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20% of Alcoholic Beverages in Greece are Illegal or Adulterated

Alcoholic Beverages Greece
Bulk illegal tsipouro and similar spirits are not included in the survey. Credit: Klearchos Kapoutsis/Wikimedia Commons/CC BY 2.0

One in five alcoholic beverages consumed in Greece is adulterated and contraband, which is twice the world average, the Association of Alcoholic Beverage Companies (ENEAP) said on Wednesday.

Adulterated alcoholic beverages are legal alcoholic products that have been illicitly tampered with, for instance, by criminally diluting them with water, purposely putting them into new containers to conceal their true origin, or adding toxic substances to manipulate the quality of the alcoholic beverages.

ENEAP says that illegal products exceed 20 percent of the domestic consumption of alcoholic beverages when international organizations calculate the average in the world market at 11 percent.

This percentage does not include bulk illegal tsipouro and similar spirits circulating in the Greek market.

High tax on alcoholic beverages in Greece

ENEAP, says that the problem in Greece stems from the VAT on alcoholic beverages, which is the fourth highest in the European Union and the highest based on purchasing power.

In addition, the VAT rate in Greece is higher compared to the neighboring countries. In Greece, it is 4.6 times higher compared to North Macedonia and 4.5 times compared to Bulgaria.

Greek consumers, especially in the northern part of the country, cross the borders to purchase alcoholic beverages of dubious quality, often adulterated. The illegal trade flourishes, ENEAP says, affecting the market, public health, and government revenue.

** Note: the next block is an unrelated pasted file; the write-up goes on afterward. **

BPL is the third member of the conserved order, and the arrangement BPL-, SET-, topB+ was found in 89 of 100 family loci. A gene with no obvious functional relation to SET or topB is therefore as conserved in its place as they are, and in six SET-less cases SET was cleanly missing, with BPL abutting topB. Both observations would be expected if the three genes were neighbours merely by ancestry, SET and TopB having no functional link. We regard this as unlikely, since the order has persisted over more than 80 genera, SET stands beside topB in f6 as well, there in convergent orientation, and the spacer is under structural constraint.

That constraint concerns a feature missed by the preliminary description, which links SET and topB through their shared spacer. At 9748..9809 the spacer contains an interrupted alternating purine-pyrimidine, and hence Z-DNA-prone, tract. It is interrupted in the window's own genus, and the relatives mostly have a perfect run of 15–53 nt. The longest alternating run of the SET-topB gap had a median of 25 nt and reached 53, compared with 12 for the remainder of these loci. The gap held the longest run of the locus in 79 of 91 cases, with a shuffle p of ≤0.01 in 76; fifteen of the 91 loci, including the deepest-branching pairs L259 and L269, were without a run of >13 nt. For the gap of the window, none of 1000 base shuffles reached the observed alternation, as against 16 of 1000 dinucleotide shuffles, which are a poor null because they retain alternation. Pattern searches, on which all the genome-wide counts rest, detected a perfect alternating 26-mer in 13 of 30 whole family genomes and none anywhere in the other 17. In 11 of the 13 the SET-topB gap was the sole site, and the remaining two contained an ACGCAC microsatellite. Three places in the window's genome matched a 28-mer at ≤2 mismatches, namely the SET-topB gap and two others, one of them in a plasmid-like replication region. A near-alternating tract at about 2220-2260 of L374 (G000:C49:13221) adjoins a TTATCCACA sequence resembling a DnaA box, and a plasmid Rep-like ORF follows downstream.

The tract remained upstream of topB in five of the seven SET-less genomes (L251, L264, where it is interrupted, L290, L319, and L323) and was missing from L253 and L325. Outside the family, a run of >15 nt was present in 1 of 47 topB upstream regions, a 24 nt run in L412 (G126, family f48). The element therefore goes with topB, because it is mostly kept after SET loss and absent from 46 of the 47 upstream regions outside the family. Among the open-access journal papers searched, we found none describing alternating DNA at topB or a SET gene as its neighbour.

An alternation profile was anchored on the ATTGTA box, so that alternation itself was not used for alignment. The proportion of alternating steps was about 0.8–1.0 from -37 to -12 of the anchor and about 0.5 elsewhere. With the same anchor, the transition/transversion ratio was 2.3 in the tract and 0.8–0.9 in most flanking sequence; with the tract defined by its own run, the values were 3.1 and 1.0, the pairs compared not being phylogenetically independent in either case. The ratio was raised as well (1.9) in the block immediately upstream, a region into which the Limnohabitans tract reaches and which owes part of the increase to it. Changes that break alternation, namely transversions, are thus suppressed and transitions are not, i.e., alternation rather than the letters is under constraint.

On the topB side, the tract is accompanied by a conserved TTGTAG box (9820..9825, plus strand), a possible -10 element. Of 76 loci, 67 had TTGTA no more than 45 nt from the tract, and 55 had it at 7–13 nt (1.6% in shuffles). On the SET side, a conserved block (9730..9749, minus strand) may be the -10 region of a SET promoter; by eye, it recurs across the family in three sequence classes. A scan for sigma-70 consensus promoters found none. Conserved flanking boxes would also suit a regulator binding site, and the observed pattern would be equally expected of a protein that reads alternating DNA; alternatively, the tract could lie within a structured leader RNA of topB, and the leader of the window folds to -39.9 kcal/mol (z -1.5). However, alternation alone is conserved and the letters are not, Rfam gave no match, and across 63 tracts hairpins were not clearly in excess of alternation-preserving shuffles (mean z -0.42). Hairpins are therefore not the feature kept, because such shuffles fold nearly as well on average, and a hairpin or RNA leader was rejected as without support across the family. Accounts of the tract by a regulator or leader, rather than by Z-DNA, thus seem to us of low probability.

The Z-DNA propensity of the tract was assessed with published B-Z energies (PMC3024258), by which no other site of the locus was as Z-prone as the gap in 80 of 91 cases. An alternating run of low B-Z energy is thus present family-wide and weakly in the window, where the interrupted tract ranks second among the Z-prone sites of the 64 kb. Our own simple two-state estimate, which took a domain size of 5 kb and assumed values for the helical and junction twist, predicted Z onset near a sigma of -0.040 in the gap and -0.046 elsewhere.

According to the World Health Organization, illegally produced alcohol accounted for a quarter of all alcohol consumed in 2014 globally. But despite more than 144 countries having formal licensing policies, counterfeiters have infiltrated the industry, and the result is a flood of tainted and adulterated spirits at bars, retail stores, and resorts.

Tainted, adulterated, and counterfeit alcohol has been responsible for hundreds of deaths globally.

Would a tax decrease help?

The Association calls for a reduction of the VAT on alcoholic beverages, arguing that this measure will have multiple benefits for the economy and for consumers as well as for businesses.

It estimates that the reduction in VAT will lead to an increase in sales of legal products by approximately 10 percent until 2026, a boost to GDP by approximately 325 million euros in the period 2024 to 2026, an increase in employment throughout the alcoholic beverage supply chain by 11.3 thousand full-time jobs, and expansion of domestic production by 10 percent over three years.

According to a recent study by IOBE (2024), the total losses of tax revenue from the illegal trade in alcoholic beverages amount to approximately 70 million euros.

Tax revenue losses may be significantly higher, as the bulk of illegally trafficked liquor is channeled into the local market, where VAT revenue is significantly higher.

Regarding the product distilled by two-day distillers (bulk tsipouro), the losses from VAT are estimated at up to 90 million euros, as this particular product, taking advantage of the low taxation regime, is channeled into the market in multiple quantities (either without being declared, or from illegal distilleries) for commercial use.

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